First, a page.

UnityPoint Health-Meriter didn’t respond appropriately when an infant was found bruised in the hospital’s newborn intensive care unit in April 2017, and four more babies were injured, including two with fractures of the skull, ribs or arm, a federal agency said.
Early last month, hospital staff noticed two babies with bruises, according to a federal inspection report. Doctors initially thought the bruising came from blanket wrapping or clutching of wires, but an internal investigation revealed two similar cases from last year and one from this January.
The same nurse had cared for each infant. The hospital suspended the nurse Feb. 8, and the Madison Police Department is investigating. Neither Meriter, police or federal officials have identified the nurse.
Meriter should have done more to prevent further injuries after the first incident, said the Centers for Medicare and Medicaid Services, or CMS.
The hospital “failed to develop and implement an effective policy to prevent, screen, identify, train, protect, thoroughly investigate, report, and respond to any allegations of suspected abuse related to injuries or unknown origin,” the agency said in a report from an inspection Feb. 15-19.
The violation “is so serious that it constitutes an immediate threat to patient health safety,” Maria Vergel De Dios, acting branch manager for the CMS office in Chicago, wrote in a letter to Meriter Feb. 23.
The agency issued an “immediate jeopardy” violation, the most serious kind. The hospital’s Medicare contract could be terminated if the problem is not corrected, the letter said.
Meriter told CMS that in addition to suspending the nurse, the hospital assigned a security guard to the newborn unit and is putting cameras in all of the rooms. Supervisors are randomly checking the unit, two people are now present for all patient care activities, and each nurse will have two patients instead of three, Meriter said.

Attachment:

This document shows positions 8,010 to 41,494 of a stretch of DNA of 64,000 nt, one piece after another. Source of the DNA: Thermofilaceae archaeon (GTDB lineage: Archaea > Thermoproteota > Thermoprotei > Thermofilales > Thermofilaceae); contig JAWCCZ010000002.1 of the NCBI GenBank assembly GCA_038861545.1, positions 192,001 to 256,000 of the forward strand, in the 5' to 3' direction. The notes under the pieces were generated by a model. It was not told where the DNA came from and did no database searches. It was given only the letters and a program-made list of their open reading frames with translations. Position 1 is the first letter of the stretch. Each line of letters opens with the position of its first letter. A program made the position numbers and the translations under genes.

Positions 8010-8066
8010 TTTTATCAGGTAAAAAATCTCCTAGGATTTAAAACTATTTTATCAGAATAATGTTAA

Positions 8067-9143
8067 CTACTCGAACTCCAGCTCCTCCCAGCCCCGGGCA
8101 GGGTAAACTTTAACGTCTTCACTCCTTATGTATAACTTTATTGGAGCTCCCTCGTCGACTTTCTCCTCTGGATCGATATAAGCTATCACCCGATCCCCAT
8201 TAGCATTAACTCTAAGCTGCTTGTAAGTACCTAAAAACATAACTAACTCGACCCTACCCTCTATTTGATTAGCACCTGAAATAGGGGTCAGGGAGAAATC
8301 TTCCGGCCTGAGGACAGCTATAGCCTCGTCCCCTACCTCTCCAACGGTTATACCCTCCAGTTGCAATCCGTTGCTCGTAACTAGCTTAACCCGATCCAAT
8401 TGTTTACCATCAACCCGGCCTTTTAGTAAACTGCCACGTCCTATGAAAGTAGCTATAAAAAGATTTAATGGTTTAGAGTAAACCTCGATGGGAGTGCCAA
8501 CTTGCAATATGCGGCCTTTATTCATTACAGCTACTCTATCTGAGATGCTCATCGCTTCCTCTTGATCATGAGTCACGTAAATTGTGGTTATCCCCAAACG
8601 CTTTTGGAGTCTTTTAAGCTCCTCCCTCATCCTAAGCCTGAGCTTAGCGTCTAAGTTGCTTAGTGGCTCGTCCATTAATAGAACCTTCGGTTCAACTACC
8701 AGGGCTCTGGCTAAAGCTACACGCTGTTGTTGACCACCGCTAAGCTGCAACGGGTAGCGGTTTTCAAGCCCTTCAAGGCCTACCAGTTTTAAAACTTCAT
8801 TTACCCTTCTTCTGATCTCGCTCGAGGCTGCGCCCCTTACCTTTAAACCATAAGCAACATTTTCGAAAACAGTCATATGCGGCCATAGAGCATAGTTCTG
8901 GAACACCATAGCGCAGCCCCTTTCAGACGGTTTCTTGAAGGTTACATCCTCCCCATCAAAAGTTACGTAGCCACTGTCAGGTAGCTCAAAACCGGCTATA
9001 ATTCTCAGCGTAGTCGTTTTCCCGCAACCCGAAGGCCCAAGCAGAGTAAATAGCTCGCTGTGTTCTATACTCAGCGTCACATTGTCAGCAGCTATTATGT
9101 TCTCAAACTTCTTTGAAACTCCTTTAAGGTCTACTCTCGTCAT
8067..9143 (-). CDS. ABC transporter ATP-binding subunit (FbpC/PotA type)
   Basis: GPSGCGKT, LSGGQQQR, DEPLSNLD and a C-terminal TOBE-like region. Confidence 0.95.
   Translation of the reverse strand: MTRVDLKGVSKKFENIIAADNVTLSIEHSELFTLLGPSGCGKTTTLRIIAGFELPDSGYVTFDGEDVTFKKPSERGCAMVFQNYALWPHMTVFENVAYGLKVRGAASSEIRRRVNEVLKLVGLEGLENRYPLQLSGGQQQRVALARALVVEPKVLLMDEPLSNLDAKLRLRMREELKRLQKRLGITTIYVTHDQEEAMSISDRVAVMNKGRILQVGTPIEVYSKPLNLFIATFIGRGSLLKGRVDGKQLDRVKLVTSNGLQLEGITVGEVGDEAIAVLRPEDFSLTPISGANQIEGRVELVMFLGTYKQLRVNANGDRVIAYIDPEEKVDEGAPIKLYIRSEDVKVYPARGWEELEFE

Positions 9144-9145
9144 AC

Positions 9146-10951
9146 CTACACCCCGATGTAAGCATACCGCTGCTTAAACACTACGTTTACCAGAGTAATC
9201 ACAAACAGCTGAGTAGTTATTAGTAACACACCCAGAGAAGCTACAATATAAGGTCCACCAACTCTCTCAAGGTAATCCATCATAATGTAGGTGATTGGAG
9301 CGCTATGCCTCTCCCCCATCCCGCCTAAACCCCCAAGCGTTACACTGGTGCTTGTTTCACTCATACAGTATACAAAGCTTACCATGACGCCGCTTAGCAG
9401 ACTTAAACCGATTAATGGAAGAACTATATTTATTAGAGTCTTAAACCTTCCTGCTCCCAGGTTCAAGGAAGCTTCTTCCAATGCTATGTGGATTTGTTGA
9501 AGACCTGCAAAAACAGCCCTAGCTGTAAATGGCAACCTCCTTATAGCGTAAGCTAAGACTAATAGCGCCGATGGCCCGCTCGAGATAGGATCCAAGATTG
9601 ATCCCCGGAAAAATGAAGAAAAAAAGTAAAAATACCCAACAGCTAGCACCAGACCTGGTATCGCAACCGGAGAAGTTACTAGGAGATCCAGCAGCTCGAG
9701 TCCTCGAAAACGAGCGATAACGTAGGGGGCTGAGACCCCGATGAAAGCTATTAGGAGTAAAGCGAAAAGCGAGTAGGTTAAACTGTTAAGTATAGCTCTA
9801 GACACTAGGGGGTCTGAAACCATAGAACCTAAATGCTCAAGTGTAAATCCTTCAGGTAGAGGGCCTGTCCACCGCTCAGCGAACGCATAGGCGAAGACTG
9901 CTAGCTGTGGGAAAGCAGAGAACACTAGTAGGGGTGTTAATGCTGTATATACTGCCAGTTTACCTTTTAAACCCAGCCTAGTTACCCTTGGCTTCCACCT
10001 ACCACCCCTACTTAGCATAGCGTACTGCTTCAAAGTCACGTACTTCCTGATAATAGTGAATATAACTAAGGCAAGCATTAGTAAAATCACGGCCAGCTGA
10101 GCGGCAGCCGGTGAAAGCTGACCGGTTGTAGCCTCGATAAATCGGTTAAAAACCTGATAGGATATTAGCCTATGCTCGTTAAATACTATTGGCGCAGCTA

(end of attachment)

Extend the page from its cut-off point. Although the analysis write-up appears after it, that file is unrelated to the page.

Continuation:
The hospital said it would connect a “root cause analysis” to prevent similar events.
Federal officials accepted the hospital’s correction plan, but Meriter must fix other problems found in the inspection before CMS will remove the threat of cutting off Medicare business, CMS spokeswoman Elizabeth Schinderle said Thursday. She wouldn’t say what the additional problems are.
Meriter spokeswoman Jessika Kasten said the hospital “has been and continues working cooperatively with local, state and federal agencies involved in the review of our NICU ... We have implemented enhanced safety measures, and our commitment to provide safe care to our patients and families has never been stronger.”
According to the inspection report, staff in Meriter’s 42-bed newborn unit noticed bruising on the arm of an infant on Feb. 2. A doctor thought it might be from clutching wires or an IV device arm board.
The next day, a Saturday, staff noticed unexplained bruising on the right arm and left wrist of another baby. Another doctor thought it might be from blanket wrapping.
The following day, staff saw bruising on the second baby’s face. On Feb. 7, a Wednesday, they discovered a lump on the baby’s head.
On Feb. 8, a CT scan showed the baby had skull and arm fractures. The hospital suspended the nurse.
The next day, the hospital reported the nurse to the police and launched an internal investigation in collaboration with child protective services.
Through the probe, a doctor recalled a baby from September with unexplained bruising on the left foot and scalp. A chart review showed another baby, from April, with bruising on the left foot and both ankles and legs.
Meriter notified parents of the investigation, leading to a fifth case of a baby who had bruising on the lower extremities in January, initially thought to be related to the birth. A CT scan revealed rib and arm fractures.
The hospital didn’t file internal reports about the two babies found bruised on Feb. 2 and 3 until six days later, and some key staff were out early the next week, the inspection report said.